Rabbis Barbara and Ron Symons to leave Pittsburgh in 2024
“We have no push factors. We only have pull factors,” she said.
After 17 years serving as the spiritual leader of Reform congregation Temple David in Monroeville, Rabbi Barbara Symons said that she will step away from the bima when her contract ends in June 2024.
Symons said she plans to move to New York with her husband, Rabbi Ron Symons, senior director of Jewish Life at the Jewish Community Center of Greater Pittsburgh.
“We have no push factors. We only have pull factors,” she said. “Our family, which now includes our kids, are in New York or more likely to be in New York than Pittsburgh. Our extended families are in the New York City area largely, and our lifelong friends are in that area. That is why we decided to make this move.”
Symons is originally from upstate New York, and her husband is from Long Island. Both rabbis attended Hebrew Union College in New York.
Rabbi Ron Symons, who founded the Center for Loving Kindness at Pittsburgh’s JCC, said that over the next 15 months he will work with the organization’s leadership to advance the center’s cause “so that it exists beyond my presence here.”
His imminent departure comes during a period of transition for the JCC. Longtime President and CEO Brian Schreiber announced earlier this year that he would step down from the helm of the organization in September. Chief Program Office Jason Kunzman will succeed Schreiber.
That change, though, didn’t influence Ron Symons’ decision, which came at the end of a long process and was initiated by Barbara Symons’ decision to leave Temple David.
“It’s always hard to be the person that says it’s time for us to move on,” he said. “Barbara and I have made the decision together so we can age well into the future.”
The rabbis moved to Pittsburgh in 2006 after graduating from HUC and spending time in Westchester, New York, and Massachusetts.
The move to Pennsylvania, Barbara Symons said, was motivated by the job at Temple David. Her husband was working remotely at the time for the Leo Baeck Education Center in Haifa, Israel. He went on to serve as a rabbi at Temple Sinai in Squirrel Hill, where he directed the Midrash Center for Lifelong Jewish Learning and the Tikkun Olam Center for Jewish Social Justice.
Temple David President Reena Goldberg said that Barbara Symons’ departure will be bittersweet.
The congregation, she said, is in the early stages of forming a search committee for its next rabbi. It has not been decided yet whether the congregation will hire an interim or permanent spiritual leader.
A committee also will be created to ensure Symons’ nearly two decades of achievements at the congregation are properly recognized and celebrated.
“She will have been with us for 18 years,” Goldberg said. “She’s been our educator. She’s done life cycle events for all of our members — baby namings, bar and bat mitzvahs, confirmations, weddings, funerals. Over this long time span, our members have developed a really close bond with her. They really hold her in high regard.”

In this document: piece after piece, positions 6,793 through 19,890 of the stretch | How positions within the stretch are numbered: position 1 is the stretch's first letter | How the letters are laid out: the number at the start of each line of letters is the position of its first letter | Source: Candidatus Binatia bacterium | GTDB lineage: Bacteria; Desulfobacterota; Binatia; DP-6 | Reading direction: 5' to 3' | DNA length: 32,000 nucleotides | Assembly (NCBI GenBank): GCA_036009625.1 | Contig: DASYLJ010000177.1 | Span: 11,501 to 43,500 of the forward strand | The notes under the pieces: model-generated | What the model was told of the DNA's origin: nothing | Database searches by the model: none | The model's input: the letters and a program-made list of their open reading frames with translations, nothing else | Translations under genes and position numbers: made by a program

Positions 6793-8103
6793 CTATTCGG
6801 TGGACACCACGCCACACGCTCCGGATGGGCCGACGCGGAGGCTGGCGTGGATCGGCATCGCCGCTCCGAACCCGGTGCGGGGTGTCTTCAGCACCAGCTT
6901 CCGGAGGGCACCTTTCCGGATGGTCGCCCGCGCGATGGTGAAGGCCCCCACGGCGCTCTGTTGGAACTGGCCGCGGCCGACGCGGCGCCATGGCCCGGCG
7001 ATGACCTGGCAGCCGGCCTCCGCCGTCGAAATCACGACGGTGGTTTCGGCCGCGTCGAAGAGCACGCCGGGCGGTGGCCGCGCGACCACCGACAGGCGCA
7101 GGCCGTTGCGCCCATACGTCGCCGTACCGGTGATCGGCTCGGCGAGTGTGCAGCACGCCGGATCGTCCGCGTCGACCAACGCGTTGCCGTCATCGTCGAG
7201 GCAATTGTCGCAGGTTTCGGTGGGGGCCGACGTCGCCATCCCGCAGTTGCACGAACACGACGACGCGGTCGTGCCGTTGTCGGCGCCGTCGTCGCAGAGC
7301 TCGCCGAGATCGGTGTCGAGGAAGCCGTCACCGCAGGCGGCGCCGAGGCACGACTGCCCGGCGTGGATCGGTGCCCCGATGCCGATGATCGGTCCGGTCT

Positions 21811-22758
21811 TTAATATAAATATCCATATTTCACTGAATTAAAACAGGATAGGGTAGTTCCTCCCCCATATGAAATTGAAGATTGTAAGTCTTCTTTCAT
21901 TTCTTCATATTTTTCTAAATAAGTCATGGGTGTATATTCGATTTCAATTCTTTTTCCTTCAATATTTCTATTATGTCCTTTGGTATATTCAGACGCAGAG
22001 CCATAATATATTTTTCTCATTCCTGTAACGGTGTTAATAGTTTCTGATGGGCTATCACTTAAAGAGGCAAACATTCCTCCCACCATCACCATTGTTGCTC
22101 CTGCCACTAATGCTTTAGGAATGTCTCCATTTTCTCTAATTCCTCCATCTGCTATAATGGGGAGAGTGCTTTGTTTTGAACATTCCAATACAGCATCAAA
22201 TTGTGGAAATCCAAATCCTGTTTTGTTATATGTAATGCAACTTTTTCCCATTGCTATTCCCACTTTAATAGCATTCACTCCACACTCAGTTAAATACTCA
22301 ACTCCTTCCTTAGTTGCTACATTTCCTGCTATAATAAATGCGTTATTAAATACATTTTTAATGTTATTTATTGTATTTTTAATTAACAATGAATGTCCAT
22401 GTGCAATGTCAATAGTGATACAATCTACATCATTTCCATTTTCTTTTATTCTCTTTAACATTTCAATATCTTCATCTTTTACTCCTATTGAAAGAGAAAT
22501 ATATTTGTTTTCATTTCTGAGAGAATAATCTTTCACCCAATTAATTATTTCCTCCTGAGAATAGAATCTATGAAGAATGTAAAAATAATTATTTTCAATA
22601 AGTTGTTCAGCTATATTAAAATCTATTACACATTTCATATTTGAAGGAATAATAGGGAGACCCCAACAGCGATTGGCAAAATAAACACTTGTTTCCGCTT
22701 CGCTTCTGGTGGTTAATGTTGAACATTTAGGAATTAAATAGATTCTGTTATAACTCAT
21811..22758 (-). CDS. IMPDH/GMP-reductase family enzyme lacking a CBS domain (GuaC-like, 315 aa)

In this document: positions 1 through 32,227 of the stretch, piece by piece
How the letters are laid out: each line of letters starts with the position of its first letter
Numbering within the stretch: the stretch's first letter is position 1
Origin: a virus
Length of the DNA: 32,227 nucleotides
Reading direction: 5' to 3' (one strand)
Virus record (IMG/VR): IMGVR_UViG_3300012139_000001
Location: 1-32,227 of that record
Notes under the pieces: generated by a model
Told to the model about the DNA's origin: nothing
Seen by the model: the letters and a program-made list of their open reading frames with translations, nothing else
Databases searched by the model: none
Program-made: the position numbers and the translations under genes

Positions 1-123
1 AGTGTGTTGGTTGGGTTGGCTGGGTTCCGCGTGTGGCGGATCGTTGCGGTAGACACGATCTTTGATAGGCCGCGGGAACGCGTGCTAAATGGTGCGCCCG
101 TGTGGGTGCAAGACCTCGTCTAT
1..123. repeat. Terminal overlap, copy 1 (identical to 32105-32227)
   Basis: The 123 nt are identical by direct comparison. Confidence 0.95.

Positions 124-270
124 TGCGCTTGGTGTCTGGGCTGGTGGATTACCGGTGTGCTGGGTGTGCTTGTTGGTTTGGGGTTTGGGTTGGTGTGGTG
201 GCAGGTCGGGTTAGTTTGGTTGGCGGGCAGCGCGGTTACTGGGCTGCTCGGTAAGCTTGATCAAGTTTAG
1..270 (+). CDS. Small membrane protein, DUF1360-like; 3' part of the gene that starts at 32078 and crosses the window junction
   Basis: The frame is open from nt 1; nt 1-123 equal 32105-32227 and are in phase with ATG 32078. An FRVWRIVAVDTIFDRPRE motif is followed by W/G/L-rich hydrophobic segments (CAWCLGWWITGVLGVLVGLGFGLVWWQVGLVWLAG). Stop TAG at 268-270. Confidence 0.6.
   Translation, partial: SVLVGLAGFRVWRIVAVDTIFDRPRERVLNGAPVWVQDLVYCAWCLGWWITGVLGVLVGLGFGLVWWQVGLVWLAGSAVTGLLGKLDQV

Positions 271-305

For the JCC’s part, Schreiber said the organization has been “blessed” to have Ron Symons as its senior director of Jewish Life for the last eight years.
“[We are] looking forward to the next 14 months where he will continue his groundbreaking work with the Center for Loving Kindness and Civic Engagement and complementary duties,” Schreiber said. “The extended time frame on the Symons’ family relocation provides ample opportunity to continue our future visioning and secure professional succession.”
Ron Symons said that he has been fulfilled by his rabbinic life in Pittsburgh and the multiple roles he’s filled.
“From the Agency for Jewish Learning to the Union for Reform Judaism as a regional educator in Pennsylvania, to the work at Temple Sinai in both education and tikkun olam, and now with the JCC — both in helping to reimagine teen engagement in the transition of the work from the AJL, helping to figure out what the ‘J’ is — and, of course, the Center for Loving Kindness, I’m thankful for every one of those experiences,” he said.
Ron Symons said he has learned from all the people with whom he’s worked professionally and the people of whose lives he’s been a part.
“I’m really humbled by the trust people gave to me,” he said.
Barbara Symons, too, said that she has built deep, intimate relationships over her 17 years at Temple David. It will be difficult, she said, to no longer be a part of Temple life, including life cycle events, when she leaves for New York. The rabbi will also miss the bonds she created with the larger community.
“I’ve built very strong relationships with the extended community,” she said. “My work with the Monroeville Interfaith Ministerium and the community arm of that, called the Community Network, which I oversee, has been really important. The partnerships with the people at the institutions across Monroeville are really important. So is my work with the school board and library and town council, police department and food pantries. The list goes on and on.”
And while Barbara Symons will miss those relationships, she’s excited for the next steps in the lives of both her family and the congregation.
“I think the next rabbi will be very lucky to be able to be at Temple David,” she said. PJC
David Rullo can be reached at [email protected]